Mullagh inducted in Australian Cricket Hall of Fame

Johnny Mullagh becomes first Aborginal player to be inducted in Australian Cricket Hall of Fame

Born Unaarrimin, Mullagh played in the third cricket match ever scheduled at the Melbourne Cricket Ground on Boxing Day in 1866

Representative image. Credit: iStock photo.

Johnny Mullagh, the star of the first Australian Aboriginal team of 19th century on Monday became the first indigenous player to be inducted into the Australian Cricket's Hall of Fame.

Considered one of the best players of his era, Mullagh took 245 wickets at an average of 10 and scored 1,698 runs during his side's maiden tour to the United Kingdom, featuring in 45 of the 47 matches way back in 1868.

Australian Cricket Hall of Fame Chairman Peter King said: "Johnny Mullagh and the 1868 Aboriginal team paved the way for so many future Australians to showcase their skill and talent on the world stage.

"To consider the team’s feats were in an era dictated by inequality, makes their story even more remarkable and worthy of recognition."

"The Australian Cricket Hall of Fame is proud to honour Johnny Mullagh for his contribution to Australia's cricketing history and national identity," King added.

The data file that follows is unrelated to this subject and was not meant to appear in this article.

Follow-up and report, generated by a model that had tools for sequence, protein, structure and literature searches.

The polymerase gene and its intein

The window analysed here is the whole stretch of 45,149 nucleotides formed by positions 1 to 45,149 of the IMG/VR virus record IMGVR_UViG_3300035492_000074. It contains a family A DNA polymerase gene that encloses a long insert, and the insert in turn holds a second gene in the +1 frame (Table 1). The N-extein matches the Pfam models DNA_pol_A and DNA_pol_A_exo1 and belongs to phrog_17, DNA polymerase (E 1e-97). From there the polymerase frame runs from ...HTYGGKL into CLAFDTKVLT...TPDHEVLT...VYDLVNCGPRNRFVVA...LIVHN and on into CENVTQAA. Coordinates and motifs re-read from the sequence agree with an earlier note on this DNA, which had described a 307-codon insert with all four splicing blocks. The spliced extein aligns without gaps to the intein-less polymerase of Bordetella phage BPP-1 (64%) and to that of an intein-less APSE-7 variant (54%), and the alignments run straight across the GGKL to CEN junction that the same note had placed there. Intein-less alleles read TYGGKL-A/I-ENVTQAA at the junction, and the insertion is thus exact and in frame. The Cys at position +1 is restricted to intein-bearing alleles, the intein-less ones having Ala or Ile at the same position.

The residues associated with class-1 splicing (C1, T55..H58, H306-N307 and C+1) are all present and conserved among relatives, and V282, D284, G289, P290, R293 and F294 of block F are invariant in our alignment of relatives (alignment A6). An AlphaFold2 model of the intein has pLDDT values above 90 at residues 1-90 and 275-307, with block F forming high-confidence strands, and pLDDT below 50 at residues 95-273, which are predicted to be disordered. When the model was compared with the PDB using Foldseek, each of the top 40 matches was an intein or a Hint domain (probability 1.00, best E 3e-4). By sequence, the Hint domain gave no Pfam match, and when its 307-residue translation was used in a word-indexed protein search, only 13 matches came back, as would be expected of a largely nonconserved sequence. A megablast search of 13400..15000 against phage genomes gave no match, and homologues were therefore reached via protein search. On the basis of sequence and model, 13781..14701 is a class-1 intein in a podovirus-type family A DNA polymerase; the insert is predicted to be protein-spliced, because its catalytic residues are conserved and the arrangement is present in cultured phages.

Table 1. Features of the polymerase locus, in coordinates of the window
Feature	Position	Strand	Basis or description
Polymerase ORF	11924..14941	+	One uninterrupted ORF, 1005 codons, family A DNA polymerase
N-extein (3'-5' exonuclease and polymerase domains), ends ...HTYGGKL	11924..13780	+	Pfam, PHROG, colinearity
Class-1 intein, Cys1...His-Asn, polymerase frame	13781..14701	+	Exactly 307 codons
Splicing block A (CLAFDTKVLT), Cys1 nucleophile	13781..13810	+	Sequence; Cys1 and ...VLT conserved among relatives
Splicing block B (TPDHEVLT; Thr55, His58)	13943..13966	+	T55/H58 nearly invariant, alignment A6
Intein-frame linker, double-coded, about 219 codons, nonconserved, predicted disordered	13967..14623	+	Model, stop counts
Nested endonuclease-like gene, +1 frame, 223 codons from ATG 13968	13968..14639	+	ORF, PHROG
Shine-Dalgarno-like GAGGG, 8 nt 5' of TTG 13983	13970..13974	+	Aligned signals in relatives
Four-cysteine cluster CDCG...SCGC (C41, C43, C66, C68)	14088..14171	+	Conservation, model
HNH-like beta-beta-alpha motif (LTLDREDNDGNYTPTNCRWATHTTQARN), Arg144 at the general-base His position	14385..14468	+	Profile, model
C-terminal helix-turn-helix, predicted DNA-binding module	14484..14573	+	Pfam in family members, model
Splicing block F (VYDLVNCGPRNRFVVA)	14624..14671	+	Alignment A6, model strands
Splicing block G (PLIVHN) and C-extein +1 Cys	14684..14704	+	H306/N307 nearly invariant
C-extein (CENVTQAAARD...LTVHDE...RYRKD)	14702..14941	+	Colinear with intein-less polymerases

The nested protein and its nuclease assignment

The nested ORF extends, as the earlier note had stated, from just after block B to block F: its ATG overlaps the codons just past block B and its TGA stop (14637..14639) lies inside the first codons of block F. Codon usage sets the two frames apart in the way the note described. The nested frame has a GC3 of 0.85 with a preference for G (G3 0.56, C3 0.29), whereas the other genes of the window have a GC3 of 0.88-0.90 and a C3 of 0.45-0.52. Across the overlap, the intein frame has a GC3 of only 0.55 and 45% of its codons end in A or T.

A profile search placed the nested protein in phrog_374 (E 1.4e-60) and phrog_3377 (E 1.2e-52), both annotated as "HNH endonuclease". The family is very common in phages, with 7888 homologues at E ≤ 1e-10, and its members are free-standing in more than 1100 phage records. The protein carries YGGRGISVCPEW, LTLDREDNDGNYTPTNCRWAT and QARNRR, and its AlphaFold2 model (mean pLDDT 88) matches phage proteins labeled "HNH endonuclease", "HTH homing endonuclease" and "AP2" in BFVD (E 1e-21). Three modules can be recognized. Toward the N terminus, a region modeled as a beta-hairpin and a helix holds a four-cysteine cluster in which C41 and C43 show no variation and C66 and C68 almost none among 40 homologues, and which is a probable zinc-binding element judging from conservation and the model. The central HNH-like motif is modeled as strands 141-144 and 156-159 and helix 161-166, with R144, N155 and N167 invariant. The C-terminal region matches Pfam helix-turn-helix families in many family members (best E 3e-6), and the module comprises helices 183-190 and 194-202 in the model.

Born Unaarrimin, Mullagh played in the third cricket match ever scheduled at the Melbourne Cricket Ground on Boxing Day in 1866 for the Aborignal and T. W. Wills XI against the Melbourne Cricket Club (MCC) in front of one of the biggest crowds of that era.

The 'player of the match' in the ongoing Boxing Day Test between India and Australia will be awarded with the Johnny Mullagh Medal as a tribute to honour him.

The initiative is part of the 2019 Reconciliation Action Plan, which continues to find ways to improve cricket's relationship with Australia's indigenous people.

The medal is a recreation of the original belt buckle worn by the 1868 team, chosen due to Mullagh's strong connection with the MCG having played in the 1866 Boxing Day match.

He also played in one first-class match for Victoria against Lord Harris' XI in March 1879 and working for the MCC in 1869/70 as a ground bowler, Cricket Australia (CA) said in a statement.

CA Interim CEO Nick Hockley lauded Mullagh's and the 1868 Aboriginal cricket team's achievements.

"Johnny Mullagh and 1868 team's story is one of resilience and triumph, as well as discrimination and tragedy. Mullagh represents his entire team and the special place they have in cricket's history."

"The achievements of the 1868 Aboriginal cricket team 152 years ago are truly inspiring, and we thank and acknowledge all descendants from the 1868 team who continue to work with Cricket Australia to bring this incredible story to life.

"We hope through celebrating their achievements, we can find more descendants connected to this remarkable Australian story, and continue to acknowledge their esteemed place in Australian cricket," he added.